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Achsah: The Daughter Who Asked for More, Part 2

The actions of ten spies sealed the fate of the tribes of Israel in ways they never expected. Their evil report fueled rebellion within the ranks, and no one—not Moses or Aaron, not Joshua or Caleb—could quell its pernicious spirit.

And it came to pass…

The LORD was true to His word, and Caleb[1] witnessed it all. The ten errant spies met a swift end—death by plague.[2] Over the next forty years, the rest of  the offenders, those twenty years old and older, also died, their graves scattered across the wilderness.

English: The Death of Korah, Dathan and Abiram...

English: The Death of Korah, Dathan and Abiram, by Gustave Doré (Photo credit: Wikipedia)

The malevolent spirit of rebellion persisted. Ringleaders like Korah, Dathan, and Abiram challenged the leadership of Moses and Aaron. The earth opened and swallowed them and all their families. When the congregation protested, the LORD responded quickly, and 14,700 more died from His plague.[3]

When the way became arduous, and a wearied discouragement set in, the people railed against God, and Moses and Aaron. God answered with an attack of fiery serpents which inflicted venomous bites and sent many to their deaths.[4]

Shamelessly the tribes of Israel defiled themselves, marrying Moabite women, embracing Baal worship, and rejecting the very One Who had delivered them.

Moses knew such brazen wantonness could not go unpunished.  “Take all the leaders of the people and hang the offenders before the LORD, out in the sun, that the fierce anger of the LORD may turn away from Israel,” he ordered. Twenty-four thousand more died for their effrontery.[5]

In spite of all the insults the LORD endured, year after year Caleb watched His gracious hand at work. While the Israelites experienced His wrath for their  ongoing waywardness, they also experienced His generous care along the way. Manna. Water. Clothes and sandals that did not wear out.

Still they complained.

The Children of Israel Crossing the Jordan (il...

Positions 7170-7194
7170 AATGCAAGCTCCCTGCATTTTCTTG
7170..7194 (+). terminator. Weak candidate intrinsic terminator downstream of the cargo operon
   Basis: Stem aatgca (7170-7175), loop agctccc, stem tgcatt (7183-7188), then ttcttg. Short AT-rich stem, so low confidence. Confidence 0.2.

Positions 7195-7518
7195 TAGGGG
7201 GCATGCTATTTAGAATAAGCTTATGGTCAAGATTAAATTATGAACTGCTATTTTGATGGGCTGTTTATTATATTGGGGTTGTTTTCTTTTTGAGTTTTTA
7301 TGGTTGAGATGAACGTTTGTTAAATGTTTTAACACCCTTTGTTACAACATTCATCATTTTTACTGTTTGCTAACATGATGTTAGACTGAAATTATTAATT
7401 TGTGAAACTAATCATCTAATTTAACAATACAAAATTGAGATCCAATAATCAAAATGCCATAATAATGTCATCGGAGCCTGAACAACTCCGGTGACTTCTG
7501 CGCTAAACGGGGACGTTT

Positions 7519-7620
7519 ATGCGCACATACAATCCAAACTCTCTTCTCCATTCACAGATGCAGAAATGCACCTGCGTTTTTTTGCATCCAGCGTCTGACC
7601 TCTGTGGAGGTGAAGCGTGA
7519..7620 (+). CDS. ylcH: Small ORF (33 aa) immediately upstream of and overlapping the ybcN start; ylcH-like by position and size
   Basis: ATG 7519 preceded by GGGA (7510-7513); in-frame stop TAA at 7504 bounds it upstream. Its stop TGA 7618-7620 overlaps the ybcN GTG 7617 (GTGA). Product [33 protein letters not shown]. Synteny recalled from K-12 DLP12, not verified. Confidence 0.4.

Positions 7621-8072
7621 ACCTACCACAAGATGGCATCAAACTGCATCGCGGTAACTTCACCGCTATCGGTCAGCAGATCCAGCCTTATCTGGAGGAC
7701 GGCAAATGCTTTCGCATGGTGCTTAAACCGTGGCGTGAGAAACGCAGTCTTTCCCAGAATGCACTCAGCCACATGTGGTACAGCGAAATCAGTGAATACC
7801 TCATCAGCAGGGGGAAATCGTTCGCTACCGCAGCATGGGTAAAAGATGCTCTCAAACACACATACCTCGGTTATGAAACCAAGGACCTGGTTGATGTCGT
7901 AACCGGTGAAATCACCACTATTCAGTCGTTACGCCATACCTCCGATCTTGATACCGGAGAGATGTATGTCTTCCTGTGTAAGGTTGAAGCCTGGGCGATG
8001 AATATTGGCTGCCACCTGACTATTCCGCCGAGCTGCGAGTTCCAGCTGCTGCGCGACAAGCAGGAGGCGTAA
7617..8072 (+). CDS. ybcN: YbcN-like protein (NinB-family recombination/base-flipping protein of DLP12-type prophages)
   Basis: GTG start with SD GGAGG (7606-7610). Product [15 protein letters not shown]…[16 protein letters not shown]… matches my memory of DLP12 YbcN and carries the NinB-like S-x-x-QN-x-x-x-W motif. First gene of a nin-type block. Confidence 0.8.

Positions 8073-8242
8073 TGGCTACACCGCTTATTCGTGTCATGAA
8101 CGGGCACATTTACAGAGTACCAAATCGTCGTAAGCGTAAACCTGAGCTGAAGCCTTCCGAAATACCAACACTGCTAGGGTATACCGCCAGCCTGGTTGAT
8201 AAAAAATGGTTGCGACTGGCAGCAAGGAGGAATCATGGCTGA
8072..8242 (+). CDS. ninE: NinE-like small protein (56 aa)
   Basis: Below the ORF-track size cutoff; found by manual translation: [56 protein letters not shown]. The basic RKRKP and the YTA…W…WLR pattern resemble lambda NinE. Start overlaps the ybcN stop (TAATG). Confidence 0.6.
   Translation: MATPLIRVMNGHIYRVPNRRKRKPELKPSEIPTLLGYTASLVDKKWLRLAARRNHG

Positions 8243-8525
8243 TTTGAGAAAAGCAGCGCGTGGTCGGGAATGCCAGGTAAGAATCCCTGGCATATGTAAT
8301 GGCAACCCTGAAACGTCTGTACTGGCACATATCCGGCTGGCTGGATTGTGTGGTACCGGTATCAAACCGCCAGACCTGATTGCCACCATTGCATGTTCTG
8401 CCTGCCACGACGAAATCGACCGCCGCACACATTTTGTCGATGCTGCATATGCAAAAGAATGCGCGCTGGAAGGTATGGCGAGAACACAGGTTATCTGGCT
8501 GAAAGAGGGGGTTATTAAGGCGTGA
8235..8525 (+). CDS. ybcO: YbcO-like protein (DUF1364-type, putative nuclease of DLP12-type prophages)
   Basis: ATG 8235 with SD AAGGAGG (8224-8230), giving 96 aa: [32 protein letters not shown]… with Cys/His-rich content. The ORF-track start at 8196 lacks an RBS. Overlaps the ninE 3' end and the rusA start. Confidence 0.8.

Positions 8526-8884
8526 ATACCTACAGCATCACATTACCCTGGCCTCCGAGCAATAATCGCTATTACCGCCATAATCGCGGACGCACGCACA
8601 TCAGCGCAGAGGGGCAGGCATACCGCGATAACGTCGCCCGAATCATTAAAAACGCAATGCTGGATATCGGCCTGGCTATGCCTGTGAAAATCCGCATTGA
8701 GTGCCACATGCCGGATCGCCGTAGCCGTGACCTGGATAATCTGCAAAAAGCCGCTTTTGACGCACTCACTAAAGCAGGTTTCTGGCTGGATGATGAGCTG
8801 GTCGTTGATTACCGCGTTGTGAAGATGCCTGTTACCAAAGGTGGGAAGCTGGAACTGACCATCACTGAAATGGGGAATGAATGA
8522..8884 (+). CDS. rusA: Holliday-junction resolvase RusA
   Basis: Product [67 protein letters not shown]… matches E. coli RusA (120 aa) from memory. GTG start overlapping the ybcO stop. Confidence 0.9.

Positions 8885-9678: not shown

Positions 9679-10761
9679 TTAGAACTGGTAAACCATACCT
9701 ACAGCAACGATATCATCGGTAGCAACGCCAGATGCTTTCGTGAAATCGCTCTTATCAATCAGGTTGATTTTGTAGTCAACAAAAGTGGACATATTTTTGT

The Children of Israel Crossing the Jordan (illustration by Gustave Doré) (Photo credit: Wikipedia)

Time to move

When the last insurrectionist died, it was time for the tribes of Israel to move forward across the Jordan River and conquer the land they had been promised. The wilderness wandering was finally over.

Joshua now bore the mantle of leadership, and for the next seven years he successfully coordinated three major military campaigns[6]—including a vigorous routing of the dreaded Anakim. The courageous conqueror and his armies chased those sons of giants from Hebron, from Debir, from Anab, and from all the mountains of Judah and Israel, utterly destroying their cities. Their wretched remnant fled, seeking refuge in Gaza, Gath, and Ashdod, cities of the Philistines. Perhaps that would be the last time Israel would have to deal with them.

At last…

“. . .  Joshua took the whole land, according to all that the LORD had said to Moses; and Joshua gave it as an inheritance to Israel according to their divisions by their tribes . . . ” (Joshua 11:25).

Now Caleb would make his request.

To be continued…


[1] Caleb was 40 years old when he was sent out as a spy (Joshua 14:7).

[2] Numbers 14:36-38

[3] Numbers 16

[4] Numbers 21:4-6

[5] Numbers 25

[6] See Nelson’s Complete Book of Bible Maps and Charts, 1996, pp 68-73.

About womenfromthebook

Mine is a life-long interest in the women of the Bible, and I enjoy exploring the world in which they lived, and discovering the challenges that they faced. I have enough curiosity about them to last the rest of my life.

One response »

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